Okay now’s the time of year I do my annual Christmas rant. For months now, all of us have been cringing at the sight of Christmas decorations in early Fall. I actually saw some in August. No really. We all cluck our tongues and complain about how it seems like retailers bring us Christmas earlier every year, making it the beleaguered workhorse of Holidays, starting the retail sector’s heavy lifting sooner than ever.
But now we’re in that part of the year which starts after Thanksgiving where, suddenly, it’s “Christmas” time. And the confusion starts. When people celebrate Hannuka, they don’t call it Christmas. No confusion there. The people who celebrate Kwanzaa don’t call it Christmas, so no confusion there. Even the people who celebrate the solstice get to keep their distinctions.
But my holiday — the real, original Christmas — gets clobbered every year and it sucks. It’s name confusion, pure and simple.
See, what most people celebrate is a secular economic holiday called Christmas whose season starts the day after Thanksgiving and goes until Christmas Day. Now I am no Scrooge. I am generally in favor of a holiday that is about being jolly and spreading Good Cheer and showing Goodwill Toward Men. A holiday that boosts the economy with reciprocal altruism and generosity is a very good thing. And, since it is loosely draped around some Christian and Pagan spiritual traditions, it does tend to increase foot traffic in places of worship for a spell. All good things. I do not disapprove. I intend to fully participate in the communal economic holiday myself.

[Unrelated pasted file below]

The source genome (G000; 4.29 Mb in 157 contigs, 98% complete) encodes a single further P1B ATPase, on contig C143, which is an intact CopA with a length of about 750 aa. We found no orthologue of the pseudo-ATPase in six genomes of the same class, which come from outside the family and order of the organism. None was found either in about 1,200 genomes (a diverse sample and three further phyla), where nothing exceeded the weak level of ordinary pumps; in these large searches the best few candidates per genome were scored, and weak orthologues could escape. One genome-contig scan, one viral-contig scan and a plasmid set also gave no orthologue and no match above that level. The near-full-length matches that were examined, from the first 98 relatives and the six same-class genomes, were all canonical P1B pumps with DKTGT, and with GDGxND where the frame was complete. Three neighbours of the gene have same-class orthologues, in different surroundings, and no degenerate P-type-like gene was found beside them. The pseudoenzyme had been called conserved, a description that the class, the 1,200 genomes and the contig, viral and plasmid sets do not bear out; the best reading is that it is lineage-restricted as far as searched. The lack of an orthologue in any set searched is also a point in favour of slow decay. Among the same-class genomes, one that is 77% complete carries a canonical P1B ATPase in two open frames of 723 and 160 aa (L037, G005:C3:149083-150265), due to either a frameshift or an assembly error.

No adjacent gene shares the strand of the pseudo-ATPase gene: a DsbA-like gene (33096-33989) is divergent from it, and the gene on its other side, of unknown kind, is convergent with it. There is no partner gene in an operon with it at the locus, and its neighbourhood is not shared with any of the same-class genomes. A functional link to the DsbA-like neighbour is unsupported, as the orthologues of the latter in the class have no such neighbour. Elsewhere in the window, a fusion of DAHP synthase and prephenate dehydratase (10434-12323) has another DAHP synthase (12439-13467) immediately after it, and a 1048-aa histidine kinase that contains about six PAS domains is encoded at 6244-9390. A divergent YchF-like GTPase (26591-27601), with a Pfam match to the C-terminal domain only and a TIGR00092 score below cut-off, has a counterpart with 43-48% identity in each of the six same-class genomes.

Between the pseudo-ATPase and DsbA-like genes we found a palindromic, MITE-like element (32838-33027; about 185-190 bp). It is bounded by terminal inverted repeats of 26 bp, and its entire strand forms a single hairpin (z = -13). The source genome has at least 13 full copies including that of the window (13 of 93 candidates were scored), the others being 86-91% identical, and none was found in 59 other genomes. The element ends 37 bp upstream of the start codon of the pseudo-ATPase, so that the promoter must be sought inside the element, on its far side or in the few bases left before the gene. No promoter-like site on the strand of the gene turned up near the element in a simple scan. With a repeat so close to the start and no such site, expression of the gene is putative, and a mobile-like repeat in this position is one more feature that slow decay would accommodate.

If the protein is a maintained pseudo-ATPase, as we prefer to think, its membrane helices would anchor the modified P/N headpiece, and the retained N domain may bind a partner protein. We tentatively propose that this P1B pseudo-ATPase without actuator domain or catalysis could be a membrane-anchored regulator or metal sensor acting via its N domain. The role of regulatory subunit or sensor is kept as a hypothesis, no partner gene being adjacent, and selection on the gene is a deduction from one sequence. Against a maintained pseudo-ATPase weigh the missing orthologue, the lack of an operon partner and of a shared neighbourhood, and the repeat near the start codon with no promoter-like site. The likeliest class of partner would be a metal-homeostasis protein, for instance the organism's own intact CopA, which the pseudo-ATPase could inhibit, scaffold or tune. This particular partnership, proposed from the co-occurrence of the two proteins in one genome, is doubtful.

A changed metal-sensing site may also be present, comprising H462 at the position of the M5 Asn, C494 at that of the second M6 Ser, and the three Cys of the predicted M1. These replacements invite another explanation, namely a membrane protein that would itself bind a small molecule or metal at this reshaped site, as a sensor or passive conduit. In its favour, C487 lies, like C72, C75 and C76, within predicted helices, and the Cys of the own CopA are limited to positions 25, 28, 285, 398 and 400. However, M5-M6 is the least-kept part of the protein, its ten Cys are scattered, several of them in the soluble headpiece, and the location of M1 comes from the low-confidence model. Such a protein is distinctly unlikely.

But let’s not call *that* Christmas. Call it “Giftmas” or something. The original Catholic Christian Christmas Season gets clobbered by confusion. We don’t get to keep our distinction because the secular holiday poached our name.
The Christmas Season *starts* on Christmas Day and then the celebration is supposed to continue until the celebration of the Baptism of the Lord, which occurs the Sunday after Epiphany. Hence the “Twelve Days of Christmas.”
When most people are taking down their trees and lights, we’re still partying. We’re still singing carols and feasting and having parties. Or at least we should be. If you’re Catholic this should especially be true for you. Try having a Christmas party *after* Christmas Day. Wear that Christmas sweater for an extra week. Leave those lights and trees up. Keep saying “Merry Christmas.” Because it still is. Or at least it should be.
Take a look at the real original Christmas and you’ll find tons of ways to give Jesus his due and extend the Celebration past Christmas morning, once Giftmas has ended up in piles of torn wrapping paper.